People in Wales can exercise throughout the day but must stay close to home and only do it with a member of their own household.

Eating in a park is not off limits, but lengthy picnics seem to go against the tone of the guidance issued in mid May.

Travel remains only for “necessary” journeys and people are urged to work from home when they can and can’t visit second homes.

You can visit the library but you can't book a hair appointment

Libraries are set to reopen in Wales with social distancing rules.

Garden centres, rubbish tips and libraries can be accessed though, with social distancing maintained.

The rules will be revisited on 28 May. However, the government in Wales has already ruled out schools reopening on 1 June.

Only essential shops can be accessed for now. Hairdressers remain shut in Wales, with no indication of a change in early July in line - potentially - with England.


While Northern Ireland has a five-phase plan for easing lockdown, it has not been accompanied by prospective dates. But there is an ambition to get to the end by Christmas.

Groups of four to six people who are not part of the same household can gather outdoors as long as they keep their distance.

Those not shielding from the virus can also visit immediate family indoors as long as social distancing is maintained.

Northern Ireland residents can access garden centres and recycling centres but cafes and restaurants can only offer takeaway or collection.

Some non-food outdoor retail outlets will reopen from June 8, such as businesses selling cars and agricultural machinery.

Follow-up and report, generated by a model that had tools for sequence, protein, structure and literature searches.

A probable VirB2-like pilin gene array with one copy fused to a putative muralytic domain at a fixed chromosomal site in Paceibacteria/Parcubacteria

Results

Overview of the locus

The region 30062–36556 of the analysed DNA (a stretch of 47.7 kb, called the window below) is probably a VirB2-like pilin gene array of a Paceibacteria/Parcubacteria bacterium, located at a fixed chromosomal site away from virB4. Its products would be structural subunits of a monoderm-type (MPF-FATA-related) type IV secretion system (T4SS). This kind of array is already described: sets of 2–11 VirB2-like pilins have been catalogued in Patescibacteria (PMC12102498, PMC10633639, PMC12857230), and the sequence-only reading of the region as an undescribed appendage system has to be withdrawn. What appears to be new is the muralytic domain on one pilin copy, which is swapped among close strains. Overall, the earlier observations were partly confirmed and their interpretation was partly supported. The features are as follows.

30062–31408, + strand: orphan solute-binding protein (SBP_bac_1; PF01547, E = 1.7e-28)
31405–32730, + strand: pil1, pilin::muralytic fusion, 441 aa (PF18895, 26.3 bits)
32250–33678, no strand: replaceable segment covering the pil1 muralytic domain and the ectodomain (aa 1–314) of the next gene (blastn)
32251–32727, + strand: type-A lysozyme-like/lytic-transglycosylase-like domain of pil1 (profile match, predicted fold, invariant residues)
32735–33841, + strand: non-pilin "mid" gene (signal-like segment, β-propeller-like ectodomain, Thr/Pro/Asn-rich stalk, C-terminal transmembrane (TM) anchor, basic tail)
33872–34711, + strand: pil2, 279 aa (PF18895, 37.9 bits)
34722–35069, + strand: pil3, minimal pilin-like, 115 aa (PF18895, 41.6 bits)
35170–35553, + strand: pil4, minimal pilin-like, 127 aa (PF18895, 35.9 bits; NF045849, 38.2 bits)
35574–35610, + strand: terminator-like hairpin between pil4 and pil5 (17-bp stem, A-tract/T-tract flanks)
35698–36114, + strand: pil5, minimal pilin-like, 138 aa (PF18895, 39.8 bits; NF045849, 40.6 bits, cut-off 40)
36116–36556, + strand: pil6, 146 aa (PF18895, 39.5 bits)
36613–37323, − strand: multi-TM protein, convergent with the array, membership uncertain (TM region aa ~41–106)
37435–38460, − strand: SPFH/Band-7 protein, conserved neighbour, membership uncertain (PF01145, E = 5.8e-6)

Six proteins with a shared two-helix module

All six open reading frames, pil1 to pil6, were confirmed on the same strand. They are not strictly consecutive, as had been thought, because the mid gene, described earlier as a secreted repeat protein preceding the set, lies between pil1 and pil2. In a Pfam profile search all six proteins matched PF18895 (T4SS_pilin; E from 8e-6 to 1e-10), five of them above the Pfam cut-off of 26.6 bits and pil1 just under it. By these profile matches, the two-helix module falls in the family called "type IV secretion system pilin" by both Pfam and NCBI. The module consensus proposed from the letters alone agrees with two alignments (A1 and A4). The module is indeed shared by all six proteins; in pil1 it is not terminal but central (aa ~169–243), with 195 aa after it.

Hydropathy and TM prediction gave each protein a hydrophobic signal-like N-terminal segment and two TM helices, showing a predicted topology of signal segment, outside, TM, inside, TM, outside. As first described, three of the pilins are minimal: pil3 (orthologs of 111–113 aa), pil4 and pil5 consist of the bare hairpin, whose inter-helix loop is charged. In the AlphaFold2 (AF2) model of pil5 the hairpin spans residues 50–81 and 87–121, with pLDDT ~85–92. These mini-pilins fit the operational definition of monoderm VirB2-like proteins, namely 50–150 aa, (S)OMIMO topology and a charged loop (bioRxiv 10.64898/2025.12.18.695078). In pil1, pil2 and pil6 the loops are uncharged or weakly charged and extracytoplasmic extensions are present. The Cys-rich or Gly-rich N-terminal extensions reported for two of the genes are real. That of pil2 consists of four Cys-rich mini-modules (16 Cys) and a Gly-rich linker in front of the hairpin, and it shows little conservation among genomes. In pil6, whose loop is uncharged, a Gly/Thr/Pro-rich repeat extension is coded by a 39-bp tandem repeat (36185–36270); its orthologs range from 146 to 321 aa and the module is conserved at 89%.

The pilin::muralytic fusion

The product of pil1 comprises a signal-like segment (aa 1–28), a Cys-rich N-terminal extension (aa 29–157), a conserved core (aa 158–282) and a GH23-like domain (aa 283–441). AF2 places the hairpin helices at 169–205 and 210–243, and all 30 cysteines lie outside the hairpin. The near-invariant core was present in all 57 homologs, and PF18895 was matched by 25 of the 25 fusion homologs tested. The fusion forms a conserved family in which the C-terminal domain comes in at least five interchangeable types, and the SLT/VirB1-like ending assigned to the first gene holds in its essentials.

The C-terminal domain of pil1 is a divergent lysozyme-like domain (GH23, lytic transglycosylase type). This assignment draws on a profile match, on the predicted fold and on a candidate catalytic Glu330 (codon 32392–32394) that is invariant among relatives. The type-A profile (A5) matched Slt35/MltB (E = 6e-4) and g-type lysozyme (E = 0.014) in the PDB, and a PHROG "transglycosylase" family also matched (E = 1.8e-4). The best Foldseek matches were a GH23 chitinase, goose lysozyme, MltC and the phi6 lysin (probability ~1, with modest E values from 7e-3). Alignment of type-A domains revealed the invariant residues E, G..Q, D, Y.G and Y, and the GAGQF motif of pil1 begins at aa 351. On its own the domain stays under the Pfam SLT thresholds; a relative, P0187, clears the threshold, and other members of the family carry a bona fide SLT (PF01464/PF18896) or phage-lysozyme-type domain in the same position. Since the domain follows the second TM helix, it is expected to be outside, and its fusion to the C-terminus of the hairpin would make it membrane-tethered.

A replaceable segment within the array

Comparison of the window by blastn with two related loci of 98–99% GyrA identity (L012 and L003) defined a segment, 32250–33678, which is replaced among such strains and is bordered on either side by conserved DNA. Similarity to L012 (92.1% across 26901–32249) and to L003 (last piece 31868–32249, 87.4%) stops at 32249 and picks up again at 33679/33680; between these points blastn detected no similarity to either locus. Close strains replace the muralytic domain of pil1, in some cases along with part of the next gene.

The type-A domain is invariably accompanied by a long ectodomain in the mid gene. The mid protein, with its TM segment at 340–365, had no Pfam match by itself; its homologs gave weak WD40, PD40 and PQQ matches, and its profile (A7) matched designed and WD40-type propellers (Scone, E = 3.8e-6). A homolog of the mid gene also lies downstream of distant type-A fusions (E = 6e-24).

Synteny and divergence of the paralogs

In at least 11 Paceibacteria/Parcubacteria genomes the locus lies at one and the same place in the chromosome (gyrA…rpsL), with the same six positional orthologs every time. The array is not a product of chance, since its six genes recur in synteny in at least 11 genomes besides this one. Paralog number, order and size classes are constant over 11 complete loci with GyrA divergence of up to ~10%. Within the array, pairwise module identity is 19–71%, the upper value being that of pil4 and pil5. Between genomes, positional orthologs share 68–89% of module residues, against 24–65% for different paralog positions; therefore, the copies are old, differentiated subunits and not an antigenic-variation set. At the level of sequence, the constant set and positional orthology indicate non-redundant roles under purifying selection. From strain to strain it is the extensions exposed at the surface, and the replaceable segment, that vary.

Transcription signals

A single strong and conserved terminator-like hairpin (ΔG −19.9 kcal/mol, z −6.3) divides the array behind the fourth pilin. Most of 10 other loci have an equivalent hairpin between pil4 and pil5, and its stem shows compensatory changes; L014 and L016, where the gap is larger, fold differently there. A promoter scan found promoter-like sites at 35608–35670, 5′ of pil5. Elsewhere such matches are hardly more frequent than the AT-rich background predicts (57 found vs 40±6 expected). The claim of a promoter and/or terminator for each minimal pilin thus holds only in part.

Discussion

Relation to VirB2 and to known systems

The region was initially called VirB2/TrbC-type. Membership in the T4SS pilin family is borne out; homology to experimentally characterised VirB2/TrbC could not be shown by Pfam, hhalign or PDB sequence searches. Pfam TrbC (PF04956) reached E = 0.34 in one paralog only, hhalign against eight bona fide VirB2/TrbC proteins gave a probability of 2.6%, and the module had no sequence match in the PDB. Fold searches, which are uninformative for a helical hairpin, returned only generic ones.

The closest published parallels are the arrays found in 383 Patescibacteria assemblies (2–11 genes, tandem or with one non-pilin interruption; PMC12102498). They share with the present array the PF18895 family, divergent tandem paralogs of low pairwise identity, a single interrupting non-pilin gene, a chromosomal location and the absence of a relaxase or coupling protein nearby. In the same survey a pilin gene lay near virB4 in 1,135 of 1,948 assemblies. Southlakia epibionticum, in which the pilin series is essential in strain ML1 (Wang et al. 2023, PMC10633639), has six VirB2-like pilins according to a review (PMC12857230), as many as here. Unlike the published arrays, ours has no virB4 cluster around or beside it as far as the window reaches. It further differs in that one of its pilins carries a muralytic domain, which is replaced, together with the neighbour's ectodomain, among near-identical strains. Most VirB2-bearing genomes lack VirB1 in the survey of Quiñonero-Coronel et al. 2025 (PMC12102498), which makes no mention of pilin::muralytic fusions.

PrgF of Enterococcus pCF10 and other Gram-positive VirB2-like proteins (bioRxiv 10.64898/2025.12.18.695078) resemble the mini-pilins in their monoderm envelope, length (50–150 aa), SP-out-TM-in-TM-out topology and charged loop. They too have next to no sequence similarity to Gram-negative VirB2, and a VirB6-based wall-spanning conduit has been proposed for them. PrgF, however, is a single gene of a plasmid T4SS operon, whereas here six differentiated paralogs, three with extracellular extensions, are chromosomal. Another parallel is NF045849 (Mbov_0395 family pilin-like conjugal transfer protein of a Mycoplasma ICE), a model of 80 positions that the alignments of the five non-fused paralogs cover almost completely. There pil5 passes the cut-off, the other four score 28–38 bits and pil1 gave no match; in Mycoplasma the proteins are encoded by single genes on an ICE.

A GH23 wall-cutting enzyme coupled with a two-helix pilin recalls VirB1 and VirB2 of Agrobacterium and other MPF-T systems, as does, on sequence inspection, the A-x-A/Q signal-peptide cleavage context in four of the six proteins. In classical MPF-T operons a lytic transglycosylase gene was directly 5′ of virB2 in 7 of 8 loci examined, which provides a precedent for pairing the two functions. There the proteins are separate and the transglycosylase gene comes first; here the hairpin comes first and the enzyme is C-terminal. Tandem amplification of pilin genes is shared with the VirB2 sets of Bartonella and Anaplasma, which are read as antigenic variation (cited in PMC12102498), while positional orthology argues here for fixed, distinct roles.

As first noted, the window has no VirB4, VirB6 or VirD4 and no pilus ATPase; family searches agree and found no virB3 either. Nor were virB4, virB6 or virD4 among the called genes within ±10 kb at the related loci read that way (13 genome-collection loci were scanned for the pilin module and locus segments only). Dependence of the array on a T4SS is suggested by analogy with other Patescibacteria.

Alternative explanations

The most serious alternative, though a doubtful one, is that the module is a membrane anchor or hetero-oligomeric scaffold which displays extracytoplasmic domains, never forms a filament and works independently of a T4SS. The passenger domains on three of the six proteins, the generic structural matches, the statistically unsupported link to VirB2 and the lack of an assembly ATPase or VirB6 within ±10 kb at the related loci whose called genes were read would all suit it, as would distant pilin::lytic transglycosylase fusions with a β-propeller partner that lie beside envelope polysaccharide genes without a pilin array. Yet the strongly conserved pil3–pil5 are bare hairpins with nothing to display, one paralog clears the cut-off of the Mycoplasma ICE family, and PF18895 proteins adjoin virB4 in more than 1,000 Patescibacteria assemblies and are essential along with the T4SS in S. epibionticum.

Some indoor non-food businesses with low footfall such as electrical stores, mobile phone shops and furniture stores will also be able to reopen, as long as they have direct outdoor access.

You can visit the drive-in cinema but concerts and theatres are off limits

Indoor cinemas remain empty across Northern Ireland.

Non-contact sports are allowed and drive-in cinemas are open. Marriage ceremonies are permitted for the terminally ill.

The later steps - yet to be initiated - will expand on the numbers who can meet outdoors, open non-food retail outlets, increase sports participation and reopen open-air museums.

Step three will see some pupils return, concert and theatres resume rehearsals, phased returns to offices and libraries opened.

Step four will see contact retail outlets open - once risk assessment has been completed - schools welcome back more students, leisure centre facilities reopen and businesses introduce staggered start times to get staff back in the office.

Step five returns Northern Ireland to normal pre-lockdown social and work life, albeit with social distancing restrictions maintained.

Coronavirus: Everything you need to know